A lesson for industry

CAD/CAM training will be available for pupils in schools across the UK from this September, in a scheme that aims to spark their interest in design and technology. Patrick Murphy reports on the software giveaway

Children are being turned off engineering. The decline in the number of students entering design and technology courses could soon threaten the competitiveness of UK engineering.

The industry’s response to the problem has been patchy – a multi-million pound TV advertising campaign failed to get off the starting blocks.

However, a £12m software giveaway will help address the problem, igniting children’s interest in technology again. The Schools CAD/CAM Initiative will distribute £12m of professional-standard CAD/CAM software packages and laptop computers to schools nationwide.

The initial two-year pilot phase will involve 50 schools, but the scheme’s administrator, the Design and Technology Association (Data), hopes to extend it to every school.

The scheme is the idea of Professor Kumar Bhattacharyya, director of the Warwick Manufacturing Group. `We have a problem getting youngsters interested in manufacturing and design, which makes me concerned about the design competitiveness of this country,’ he says.

`The need to improve school pupils’ computer aided design skills has long been recognised. Without providing them with the latest high-quality IT tools we will not unleash their full design potential.’

Bhattacharyya first proposed the idea of distributing free professional-standard software to schools during a meeting last year with Barry Cohen, executive vice-president of US CAD-CAM giant Parametric Technology Corporation.

`I thought they would balk at the idea,’ Bhattacharyya admits, `but they were prepared to do it.’

The software PTC agreed to distribute, called Pro/Desktop, can operate in both 2D and 3D environments. The interface is modelled on Microsoft Powerpoint for user-friendliness and is linked to Visual Basic, which can produce a program to show how each stage of a model is constructed.

An important feature of Pro/Desktop is its animation facility. Once a drawing has been created, movement can be modelled to give pupils a better understanding of how their designs will work.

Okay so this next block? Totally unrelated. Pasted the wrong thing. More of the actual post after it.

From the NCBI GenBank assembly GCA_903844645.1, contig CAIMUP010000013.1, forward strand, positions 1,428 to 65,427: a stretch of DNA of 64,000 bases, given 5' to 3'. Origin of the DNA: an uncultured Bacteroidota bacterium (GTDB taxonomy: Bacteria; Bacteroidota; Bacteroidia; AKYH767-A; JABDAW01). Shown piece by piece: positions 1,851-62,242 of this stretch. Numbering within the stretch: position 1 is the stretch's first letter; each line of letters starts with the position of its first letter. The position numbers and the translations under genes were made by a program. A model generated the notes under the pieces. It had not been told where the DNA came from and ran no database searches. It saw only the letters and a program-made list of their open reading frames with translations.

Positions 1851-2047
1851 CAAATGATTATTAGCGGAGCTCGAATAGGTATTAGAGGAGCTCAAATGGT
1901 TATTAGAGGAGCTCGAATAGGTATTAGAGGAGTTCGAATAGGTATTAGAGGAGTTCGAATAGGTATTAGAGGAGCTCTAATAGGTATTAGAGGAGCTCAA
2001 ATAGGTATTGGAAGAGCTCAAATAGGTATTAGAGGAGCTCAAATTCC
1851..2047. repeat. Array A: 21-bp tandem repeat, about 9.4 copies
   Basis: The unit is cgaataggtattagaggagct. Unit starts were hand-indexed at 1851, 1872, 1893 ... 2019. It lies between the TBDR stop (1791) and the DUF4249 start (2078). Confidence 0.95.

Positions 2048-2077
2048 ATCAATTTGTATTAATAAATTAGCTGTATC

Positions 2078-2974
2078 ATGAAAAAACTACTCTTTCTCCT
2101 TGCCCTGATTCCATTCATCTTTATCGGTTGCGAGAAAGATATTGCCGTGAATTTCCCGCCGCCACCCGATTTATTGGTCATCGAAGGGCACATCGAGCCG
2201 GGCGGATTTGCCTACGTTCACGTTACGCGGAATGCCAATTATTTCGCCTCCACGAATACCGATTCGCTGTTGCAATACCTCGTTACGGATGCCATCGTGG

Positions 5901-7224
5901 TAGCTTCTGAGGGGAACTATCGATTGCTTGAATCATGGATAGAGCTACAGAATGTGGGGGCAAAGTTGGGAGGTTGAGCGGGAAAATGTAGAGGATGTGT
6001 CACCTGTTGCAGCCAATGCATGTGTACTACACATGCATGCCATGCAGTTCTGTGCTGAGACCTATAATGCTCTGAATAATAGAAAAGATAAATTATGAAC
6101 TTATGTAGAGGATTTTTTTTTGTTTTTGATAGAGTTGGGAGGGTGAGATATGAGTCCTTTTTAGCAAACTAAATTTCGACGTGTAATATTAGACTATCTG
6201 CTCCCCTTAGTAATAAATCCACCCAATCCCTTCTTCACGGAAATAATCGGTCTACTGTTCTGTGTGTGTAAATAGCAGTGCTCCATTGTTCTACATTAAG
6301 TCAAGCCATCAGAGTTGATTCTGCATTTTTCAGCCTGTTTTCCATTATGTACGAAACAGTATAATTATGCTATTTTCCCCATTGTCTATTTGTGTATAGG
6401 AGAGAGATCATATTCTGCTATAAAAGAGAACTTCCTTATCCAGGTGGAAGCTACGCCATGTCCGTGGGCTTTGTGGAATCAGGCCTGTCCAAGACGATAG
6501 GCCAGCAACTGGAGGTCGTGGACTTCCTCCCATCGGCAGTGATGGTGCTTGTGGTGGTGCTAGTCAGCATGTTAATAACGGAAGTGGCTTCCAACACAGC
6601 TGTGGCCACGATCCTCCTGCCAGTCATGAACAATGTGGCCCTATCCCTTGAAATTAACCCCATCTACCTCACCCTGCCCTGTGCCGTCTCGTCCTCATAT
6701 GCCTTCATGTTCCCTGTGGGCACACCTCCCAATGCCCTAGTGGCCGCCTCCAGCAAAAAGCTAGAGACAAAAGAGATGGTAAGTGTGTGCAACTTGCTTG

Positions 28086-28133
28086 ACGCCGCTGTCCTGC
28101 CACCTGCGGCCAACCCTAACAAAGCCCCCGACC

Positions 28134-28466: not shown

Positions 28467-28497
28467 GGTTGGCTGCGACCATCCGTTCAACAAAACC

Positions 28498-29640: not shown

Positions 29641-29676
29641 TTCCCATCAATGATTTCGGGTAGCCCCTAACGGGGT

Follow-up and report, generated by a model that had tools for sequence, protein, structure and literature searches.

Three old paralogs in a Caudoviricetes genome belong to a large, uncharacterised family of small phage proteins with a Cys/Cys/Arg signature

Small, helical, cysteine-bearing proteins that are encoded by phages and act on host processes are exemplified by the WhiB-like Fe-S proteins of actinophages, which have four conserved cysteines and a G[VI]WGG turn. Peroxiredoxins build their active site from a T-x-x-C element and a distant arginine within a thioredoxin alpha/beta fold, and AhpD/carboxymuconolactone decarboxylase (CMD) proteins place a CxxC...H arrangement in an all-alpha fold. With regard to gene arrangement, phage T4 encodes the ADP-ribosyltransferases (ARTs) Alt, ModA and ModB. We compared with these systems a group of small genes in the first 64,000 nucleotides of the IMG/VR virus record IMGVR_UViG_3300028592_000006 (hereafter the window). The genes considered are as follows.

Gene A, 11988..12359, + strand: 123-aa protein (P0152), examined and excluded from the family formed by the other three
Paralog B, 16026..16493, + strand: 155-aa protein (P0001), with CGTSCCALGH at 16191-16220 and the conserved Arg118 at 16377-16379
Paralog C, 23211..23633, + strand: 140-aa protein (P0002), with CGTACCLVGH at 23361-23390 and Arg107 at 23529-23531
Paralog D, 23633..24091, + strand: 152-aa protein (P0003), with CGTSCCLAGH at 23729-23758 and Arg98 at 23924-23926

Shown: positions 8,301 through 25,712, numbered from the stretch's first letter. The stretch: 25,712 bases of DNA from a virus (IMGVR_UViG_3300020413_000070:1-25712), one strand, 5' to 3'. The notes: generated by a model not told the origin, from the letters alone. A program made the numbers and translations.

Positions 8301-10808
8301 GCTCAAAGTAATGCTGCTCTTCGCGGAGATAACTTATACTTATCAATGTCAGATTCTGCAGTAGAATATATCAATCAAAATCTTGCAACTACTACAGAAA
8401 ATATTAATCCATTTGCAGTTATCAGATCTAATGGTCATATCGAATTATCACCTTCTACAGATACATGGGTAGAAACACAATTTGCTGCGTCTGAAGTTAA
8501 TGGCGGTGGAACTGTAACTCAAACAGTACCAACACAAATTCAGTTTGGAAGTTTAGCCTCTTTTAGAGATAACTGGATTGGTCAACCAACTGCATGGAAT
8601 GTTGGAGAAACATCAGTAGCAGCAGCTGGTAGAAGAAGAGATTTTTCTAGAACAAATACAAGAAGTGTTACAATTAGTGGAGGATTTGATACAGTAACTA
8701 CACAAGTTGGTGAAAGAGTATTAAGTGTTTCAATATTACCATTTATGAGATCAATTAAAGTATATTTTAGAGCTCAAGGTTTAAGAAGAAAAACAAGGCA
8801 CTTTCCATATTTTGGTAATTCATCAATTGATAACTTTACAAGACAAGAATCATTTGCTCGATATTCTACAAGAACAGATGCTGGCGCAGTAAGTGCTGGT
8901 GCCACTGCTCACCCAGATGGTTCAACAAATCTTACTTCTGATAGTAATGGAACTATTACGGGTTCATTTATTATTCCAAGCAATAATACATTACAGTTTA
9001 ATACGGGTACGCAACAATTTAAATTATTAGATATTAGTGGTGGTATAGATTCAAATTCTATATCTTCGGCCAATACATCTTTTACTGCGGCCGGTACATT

Gabriel Uttley, head of the technical department at Beauchamps School in Essex, says: `This package should give pupils real awareness of how designs fit together visually. I could see kids sitting down in front of this and shouting “look what I can do”.

`We want kids to be literate in all IT. This is a tool – it’s down to the staff to inspire the students.’

Teachers will be trained at the Warwick Manufacturing Group by the organisation’s own staff and PTC. Data will manage the scheme on behalf of the Department for Education and Employment, and holds the right to decide who gets the software licence.

A school can have a licence if at least one person is trained to use the software. The DfEE has allocated £1m to cover the cost of training teachers.

`CAD-CAM will now be taught to pre-GCSE pupils [aged 11-14], as well as those aged 14-16,’ says schools minister Charles Clarke, who officially launched the scheme. Funding for PCs will come from an existing £1bn Government commitment to provide computers for schools.

British Aerospace, Rolls-Royce and other companies will support the scheme by providing engineers to visit the schools.

Uttley believes doors will be opened for children by using professional-standard software, and that the Schools CAD/CAM package will make a significant difference to design and technology teaching. `Industry often thinks that what schools do is Mickey Mouse stuff, and stays away from it. But with this we can take children into engineering firms to see their designs being made,’ he says.